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Research Christmas 2012: Research

Nutritional content of supermarket ready meals and recipes by television chefs in the United Kingdom: cross sectional study

BMJ 2012; 345 doi: http://dx.doi.org/10.1136/bmj.e7607 (Published 17 December 2012) Cite this as: BMJ 2012;345:e7607

Re: Nutritional content of supermarket ready meals and recipes by television chefs in the United Kingdom: cross sectional study

In the 2012 Christmas Issue, Howard et al reviewed the macronutrient content of ready-made meals and of recipes of prominent TV chefs.1 They conclude that both fall short of WHO recommendations. To the authors’ apparent surprise, TV chef recipes score worse on fat, protein and fibre content than ready-made meals.

Food and food preparation is about a lot more than health. Our eating behaviour is informed by a large set of norms and values, including convenience, health, taste and cost. These values need not exclude one at other at all times, but sometimes they do. In such cases, we weigh them against one another in the context of a concrete meal. In the preparation of our annual family Christmas supper, we generally favour taste over convenience, appeal and prestige over cost and enjoyment over health. Other meals present different pictures.

TV chefs may have aligned themselves with the value ‘health’ from time to time, as Howard et al indicate. Jamie Oliver did it with his project on UK school dinners. However, a few exceptions aside, in the cuisine of prominent chefs (on TV, in Michelin-star restaurants or elsewhere) taste, appeal, experience and enjoyment triumph over health and often cost. TV chefs provide ideas and aim to stimulate creativity in home cooking – or plainly entertain an audience. In other words, recipes by television chefs are not about health and evaluating them as such will yield exactly the results Howard et al found.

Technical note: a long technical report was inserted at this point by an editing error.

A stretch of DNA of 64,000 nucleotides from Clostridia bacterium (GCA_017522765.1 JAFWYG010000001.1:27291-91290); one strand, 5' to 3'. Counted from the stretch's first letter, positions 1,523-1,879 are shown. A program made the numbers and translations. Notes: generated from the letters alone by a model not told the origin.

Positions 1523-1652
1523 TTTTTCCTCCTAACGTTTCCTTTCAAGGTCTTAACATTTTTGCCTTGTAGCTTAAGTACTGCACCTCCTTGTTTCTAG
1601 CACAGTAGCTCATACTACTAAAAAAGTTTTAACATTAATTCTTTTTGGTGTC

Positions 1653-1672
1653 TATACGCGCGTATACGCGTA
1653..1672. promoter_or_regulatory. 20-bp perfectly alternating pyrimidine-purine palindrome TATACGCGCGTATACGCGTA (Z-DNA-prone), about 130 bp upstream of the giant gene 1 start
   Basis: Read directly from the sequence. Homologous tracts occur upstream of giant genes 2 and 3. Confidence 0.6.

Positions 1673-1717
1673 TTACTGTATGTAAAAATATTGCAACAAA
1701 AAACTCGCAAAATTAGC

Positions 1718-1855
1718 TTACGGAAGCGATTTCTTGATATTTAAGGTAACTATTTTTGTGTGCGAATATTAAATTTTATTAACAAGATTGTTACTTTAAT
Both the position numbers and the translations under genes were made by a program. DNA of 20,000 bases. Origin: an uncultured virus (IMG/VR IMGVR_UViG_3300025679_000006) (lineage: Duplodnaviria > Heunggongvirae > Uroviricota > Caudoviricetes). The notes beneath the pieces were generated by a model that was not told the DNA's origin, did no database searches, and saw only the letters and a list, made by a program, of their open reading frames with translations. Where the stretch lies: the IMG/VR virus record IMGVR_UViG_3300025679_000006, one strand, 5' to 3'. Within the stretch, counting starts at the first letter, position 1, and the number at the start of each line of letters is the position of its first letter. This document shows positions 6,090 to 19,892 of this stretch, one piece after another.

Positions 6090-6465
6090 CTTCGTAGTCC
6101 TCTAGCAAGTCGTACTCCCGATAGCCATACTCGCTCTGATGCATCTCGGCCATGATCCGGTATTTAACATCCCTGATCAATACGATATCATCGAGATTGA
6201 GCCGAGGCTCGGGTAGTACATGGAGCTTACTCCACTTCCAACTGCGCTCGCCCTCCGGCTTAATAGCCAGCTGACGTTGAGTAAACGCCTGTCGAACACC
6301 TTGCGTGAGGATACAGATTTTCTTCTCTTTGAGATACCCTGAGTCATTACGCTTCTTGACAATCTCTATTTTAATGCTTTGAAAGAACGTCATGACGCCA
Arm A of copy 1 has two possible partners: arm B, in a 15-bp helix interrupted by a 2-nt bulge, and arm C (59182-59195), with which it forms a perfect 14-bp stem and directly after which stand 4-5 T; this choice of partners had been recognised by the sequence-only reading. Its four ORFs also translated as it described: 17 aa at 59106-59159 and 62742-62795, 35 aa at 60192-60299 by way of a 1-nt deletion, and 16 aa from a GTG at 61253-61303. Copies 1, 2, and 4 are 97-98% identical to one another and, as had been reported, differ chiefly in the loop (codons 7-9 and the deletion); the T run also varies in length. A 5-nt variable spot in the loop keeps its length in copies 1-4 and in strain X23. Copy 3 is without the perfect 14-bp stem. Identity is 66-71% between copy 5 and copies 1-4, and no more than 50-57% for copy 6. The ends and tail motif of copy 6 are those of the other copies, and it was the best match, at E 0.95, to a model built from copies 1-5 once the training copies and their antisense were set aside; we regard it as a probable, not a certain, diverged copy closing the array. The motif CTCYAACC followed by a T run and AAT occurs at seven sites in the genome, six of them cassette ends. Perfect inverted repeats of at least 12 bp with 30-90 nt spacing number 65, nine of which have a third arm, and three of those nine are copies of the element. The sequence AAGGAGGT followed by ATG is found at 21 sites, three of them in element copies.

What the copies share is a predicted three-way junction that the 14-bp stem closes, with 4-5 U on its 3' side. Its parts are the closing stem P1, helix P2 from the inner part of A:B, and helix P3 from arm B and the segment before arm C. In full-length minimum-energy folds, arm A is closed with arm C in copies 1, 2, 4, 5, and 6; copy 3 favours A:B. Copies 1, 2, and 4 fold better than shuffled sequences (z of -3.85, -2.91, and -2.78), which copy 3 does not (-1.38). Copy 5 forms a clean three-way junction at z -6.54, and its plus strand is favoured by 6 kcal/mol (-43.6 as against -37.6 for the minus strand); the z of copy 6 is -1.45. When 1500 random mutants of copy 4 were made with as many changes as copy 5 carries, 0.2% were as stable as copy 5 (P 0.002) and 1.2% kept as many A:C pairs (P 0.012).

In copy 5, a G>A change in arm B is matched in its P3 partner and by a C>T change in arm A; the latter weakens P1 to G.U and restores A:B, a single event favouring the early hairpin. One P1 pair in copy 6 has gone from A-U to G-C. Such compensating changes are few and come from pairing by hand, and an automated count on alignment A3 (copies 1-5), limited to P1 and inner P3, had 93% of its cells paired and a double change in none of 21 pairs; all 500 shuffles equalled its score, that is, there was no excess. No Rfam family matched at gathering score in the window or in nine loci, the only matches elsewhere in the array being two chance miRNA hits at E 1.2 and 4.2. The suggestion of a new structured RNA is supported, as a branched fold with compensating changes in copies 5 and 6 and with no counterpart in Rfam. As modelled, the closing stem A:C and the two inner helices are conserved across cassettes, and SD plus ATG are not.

TV chefs have, however, a very high ‘dietary credibility’, meaning that in all food related issues their voice is heard and respected.2 Often, and perhaps always, higher than public health scholars or nutrition scientists.3 With this credibility comes a certain public influence and connected responsibility. But this responsibility is a social responsibility, rather than a public health goal.

We have all noticed Jamie Oliver putting on some weight over last years. This has not harmed his dietary credibility at all, since it is fuelled not by (public) health values, but above all else by the appeal and taste of his meals and the entertainment they provide to watch on TV, read in his books, and try them at home.

1. Howard S, Adams J, White M. Nutritional content of supermarket ready meals and recipes by television chefs in the United Kingdom: cross sectional study. BMJ 2012;345.

2. Penders B, Vam Dam F, editors. Ingrediënten van Geloofwaardigheid. Goed Eten onder de Loep. Den Haag: BoomLemma, 2012.

3. Shapin S. Expertise, common sense and the Atkins diet. In: Porter JM, Phillips PWB, editors. Public science in liberal democracy. Toronto: University of Toronto Press, 2007:174-93.

Competing interests: No competing interests
18 December 2012
Bart Penders
Assistant Professor in Biomedicine & Society
Maastricht University, School for Public Health and Primary Care
PO Box 616; 6200MD Maastricht, the Netherlands
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